Last week turned out to be a mixed bag for everyone. Short-term interest rates were up, the stock market was strong and up, gold was up, the dollar was down and long Treasuries performed well in the face of everything, including another increase in the semoney supply.
Gold and the stock market continue to amaze one and all. The performance in gold reflects legitimate purchases of worried investors, and not speculators, as it takes millions of dollars to move the price of gold.
Perhaps the stock market is looking across a mild recession to better times in a couple of quarters. Time will tell, but the equity market's performance in the face of higher interest rates, etc. . .is remarkable.
It appears the federal funds rate (the rate member banks of the Federal Reserve system charge each other for the use of their excess reserves) is now at 11 1/2 percent. The prime rate (the rate commercial banks charge their top customers for loans) is now 13 to 13 1/4 percent and the discount rate (the rate the Fed charges its member banks to borrow funds) reached a new high of 11 percent.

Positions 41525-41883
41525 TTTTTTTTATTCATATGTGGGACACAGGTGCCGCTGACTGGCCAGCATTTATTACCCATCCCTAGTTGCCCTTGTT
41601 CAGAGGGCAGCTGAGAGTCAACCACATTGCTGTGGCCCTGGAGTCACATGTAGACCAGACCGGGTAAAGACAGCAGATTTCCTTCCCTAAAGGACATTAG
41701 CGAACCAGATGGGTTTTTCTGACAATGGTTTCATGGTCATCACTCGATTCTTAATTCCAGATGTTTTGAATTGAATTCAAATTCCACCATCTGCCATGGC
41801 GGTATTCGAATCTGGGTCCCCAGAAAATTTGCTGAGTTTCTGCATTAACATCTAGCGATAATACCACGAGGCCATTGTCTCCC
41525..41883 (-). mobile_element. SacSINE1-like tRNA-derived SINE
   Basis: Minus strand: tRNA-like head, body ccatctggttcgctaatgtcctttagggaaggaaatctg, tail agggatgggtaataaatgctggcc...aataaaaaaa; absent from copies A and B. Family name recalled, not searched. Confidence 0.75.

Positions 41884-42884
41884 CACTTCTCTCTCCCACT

At this point the Fed is trying to slow down the demand for credit by raising the price of money. Money is available although at a high cost to the borrower. However, with inflation running 13 to 14 percent it is cheaper for businesses to borrow money because on an after-tax basis a negative cost is realized by the business. Theoretically rates should rise until the cost of money is a real positive burden on the borrower.
Last week a 9-month, tax-exempt note guaranteed by the state of Pennsylvania returned lucky investors 7.02 percent of tax-free income.
Coming this week are two Treasury offerings that all small investors should consider. On Tuesday a 2-year note will be offered in minimum denominations of $5,000. On Wednesday a 4-year note will be sold in minimums of $1,000.
It is quite possible that the 2-year note could return investors 10 percent especially if the market sells off in the next couple of days. A guesstimate on the 4-year would be 9.50-9.60 percent.
Subscriptions for the Treasuries may be entered no later than 1:30 p.m. on the aforementioned days at the U.S. Treasury in Washington, or any of the Federal Reserve banks or their branches. A non-competitive bid should be entered for any investment under $1 million.